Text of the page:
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How to understand function prototype signal()

P: n/a
Hello,

1.
The prototype of function signal in signal.h:

void (*signal(int sig, void (*func)(int)))(int);
is some complex to me. Would you please explain it to me in detail with
the C language syntax itself. Thank you!

2.
And I saw another function prototype:

void interrupt ( *oldhandler)();
-Is it legal?

-If it's a right prototype, what does identifier "interrupt" mean? Will
it be a type qualifier.

---
Thanks
lovecreatesbeauty

Nov 14 '05 #1
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2 Replies


P: n/a
None <lo***************@gmail.com> wrote:

void (*signal(int sig, void (*func)(int)))(int);
void (*)(int)

type pointer to (function with one int parameter returning void)

*signal()

signal is a function returning pointer
(Note:
(*signal)()
would mean: signal is a pointer to function)

void (*signal())(int);

signal is a function returning pointer to (function with one int
param returning void)

void (*signal(int sig, void (*func)(int)))(int);

signal is a function with two parameters, returning pointer etc...
The first parameter is type int, the second parameter is type:

void (*)(int)

ie. pointer to function with one int parameter returning void.
The original declaration is equivalent to:
void (*signal(int, void (*)(int)))(int);
ie. the parameters of `signal' don't have to be named, similarly
parameter to `func' was not named.

Note that the type of the second parameter of `signal' is the same
as the type that `signal' returns, ie. "pointer to (fn with one int
param, returning void)".

It's easier to understand if you declare a type:

typedef void (*ptr_void_fn_int)(int);
ptr_void_fn_int signal(int, ptr_void_fn_int);

(ptr_void_fn_int is type "pointer to (fn with one etc...)").

`signal' function for a given signal number sets the new signal
handler you supply (which is type ptr_void_fn_int) and returns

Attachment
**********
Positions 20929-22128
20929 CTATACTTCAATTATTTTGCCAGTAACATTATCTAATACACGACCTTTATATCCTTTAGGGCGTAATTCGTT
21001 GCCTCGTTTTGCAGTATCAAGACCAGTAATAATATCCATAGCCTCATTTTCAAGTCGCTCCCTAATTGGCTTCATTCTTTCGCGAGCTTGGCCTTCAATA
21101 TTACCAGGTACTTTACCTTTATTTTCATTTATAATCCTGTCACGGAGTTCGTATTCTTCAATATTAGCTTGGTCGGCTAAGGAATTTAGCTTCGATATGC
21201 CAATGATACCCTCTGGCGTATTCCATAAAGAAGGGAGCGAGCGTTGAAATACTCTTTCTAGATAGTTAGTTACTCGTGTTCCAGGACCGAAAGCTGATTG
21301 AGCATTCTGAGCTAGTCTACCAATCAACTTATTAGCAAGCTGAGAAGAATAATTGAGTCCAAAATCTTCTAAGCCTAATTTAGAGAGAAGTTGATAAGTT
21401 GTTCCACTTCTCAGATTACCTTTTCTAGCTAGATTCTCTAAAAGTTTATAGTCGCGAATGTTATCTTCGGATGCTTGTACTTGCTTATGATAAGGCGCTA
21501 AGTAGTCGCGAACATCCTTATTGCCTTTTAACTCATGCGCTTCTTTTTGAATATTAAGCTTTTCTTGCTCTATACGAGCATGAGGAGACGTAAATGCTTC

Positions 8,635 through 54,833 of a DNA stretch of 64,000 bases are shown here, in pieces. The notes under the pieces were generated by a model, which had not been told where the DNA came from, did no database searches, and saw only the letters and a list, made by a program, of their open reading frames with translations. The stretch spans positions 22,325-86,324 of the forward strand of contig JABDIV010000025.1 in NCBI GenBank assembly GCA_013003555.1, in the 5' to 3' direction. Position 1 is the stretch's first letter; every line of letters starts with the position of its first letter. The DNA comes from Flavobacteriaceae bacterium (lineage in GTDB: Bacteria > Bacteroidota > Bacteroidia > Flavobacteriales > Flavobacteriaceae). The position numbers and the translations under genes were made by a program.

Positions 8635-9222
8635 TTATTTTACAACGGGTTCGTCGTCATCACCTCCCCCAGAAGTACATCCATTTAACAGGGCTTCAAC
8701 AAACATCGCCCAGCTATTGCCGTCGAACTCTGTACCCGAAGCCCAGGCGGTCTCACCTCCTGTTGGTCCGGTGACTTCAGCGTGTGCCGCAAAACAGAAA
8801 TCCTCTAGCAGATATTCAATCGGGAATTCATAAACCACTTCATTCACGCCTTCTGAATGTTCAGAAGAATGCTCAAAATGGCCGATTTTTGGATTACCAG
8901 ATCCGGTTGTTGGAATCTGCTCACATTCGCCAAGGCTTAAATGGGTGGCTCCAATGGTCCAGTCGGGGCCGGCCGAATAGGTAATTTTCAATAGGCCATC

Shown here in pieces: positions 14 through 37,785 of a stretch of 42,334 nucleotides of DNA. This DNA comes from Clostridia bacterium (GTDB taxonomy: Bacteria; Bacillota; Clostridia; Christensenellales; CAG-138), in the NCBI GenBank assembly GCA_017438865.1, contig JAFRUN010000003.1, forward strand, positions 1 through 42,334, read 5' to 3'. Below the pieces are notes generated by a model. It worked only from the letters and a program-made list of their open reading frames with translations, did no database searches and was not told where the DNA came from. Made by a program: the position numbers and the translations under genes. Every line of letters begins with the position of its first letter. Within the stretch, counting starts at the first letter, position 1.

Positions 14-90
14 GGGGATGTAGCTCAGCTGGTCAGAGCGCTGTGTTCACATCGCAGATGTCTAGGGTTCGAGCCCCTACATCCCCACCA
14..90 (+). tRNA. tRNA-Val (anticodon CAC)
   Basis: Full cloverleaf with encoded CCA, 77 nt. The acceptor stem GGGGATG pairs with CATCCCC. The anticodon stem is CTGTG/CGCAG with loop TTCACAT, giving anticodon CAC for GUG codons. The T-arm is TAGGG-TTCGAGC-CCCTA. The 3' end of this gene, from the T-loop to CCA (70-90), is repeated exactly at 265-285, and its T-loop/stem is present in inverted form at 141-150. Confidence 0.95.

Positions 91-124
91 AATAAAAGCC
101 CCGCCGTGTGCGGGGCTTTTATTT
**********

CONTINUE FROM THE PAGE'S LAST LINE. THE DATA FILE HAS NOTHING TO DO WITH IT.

you the previous handler (which naturally has to be the same type).
(For exact `signal' semantics see N869 7.14.1.1.)

void interrupt ( *oldhandler)(); -Is it legal? -If it's a right prototype, what does identifier "interrupt" mean? Will
it be a type qualifier.


`interrupt' is not an ISO C keyword. It probably denotes function
call convention, and means that the function `oldhandler' points to
will be called from outside as an interrupt handler (but I might be
very wrong here). You have to consult your compiler manual.

--
Stan Tobias
mailx `echo si***@FamOuS.BedBuG.pAlS.INVALID | sed s/[[:upper:]]//g`
Nov 14 '05 #2

P: n/a
Stan Tobias,

Thank you

S.Tobias wrote:
None <lo***************@gmail.com> wrote:

void (*signal(int sig, void (*func)(int)))(int);


void (*)(int)

type pointer to (function with one int parameter returning void)

*signal()

signal is a function returning pointer
(Note:
(*signal)()
would mean: signal is a pointer to function)

void (*signal())(int);

signal is a function returning pointer to (function with one int
param returning void)

void (*signal(int sig, void (*func)(int)))(int);

signal is a function with two parameters, returning pointer etc...
The first parameter is type int, the second parameter is type:

void (*)(int)

ie. pointer to function with one int parameter returning void.
The original declaration is equivalent to:
void (*signal(int, void (*)(int)))(int);
ie. the parameters of `signal' don't have to be named, similarly
parameter to `func' was not named.

Note that the type of the second parameter of `signal' is the same
as the type that `signal' returns, ie. "pointer to (fn with one int
param, returning void)".

It's easier to understand if you declare a type:

typedef void (*ptr_void_fn_int)(int);
ptr_void_fn_int signal(int, ptr_void_fn_int);

(ptr_void_fn_int is type "pointer to (fn with one etc...)").

`signal' function for a given signal number sets the new signal
handler you supply (which is type ptr_void_fn_int) and returns
you the previous handler (which naturally has to be the same type).
(For exact `signal' semantics see N869 7.14.1.1.)

void interrupt ( *oldhandler)();

-Is it legal?

-If it's a right prototype, what does identifier "interrupt" mean? Will it be a type qualifier.


`interrupt' is not an ISO C keyword. It probably denotes function
call convention, and means that the function `oldhandler' points to
will be called from outside as an interrupt handler (but I might be
very wrong here). You have to consult your compiler manual.

--
Stan Tobias
mailx `echo si***@FamOuS.BedBuG.pAlS.INVALID | sed s/[[:upper:]]//g`


Nov 14 '05 #3

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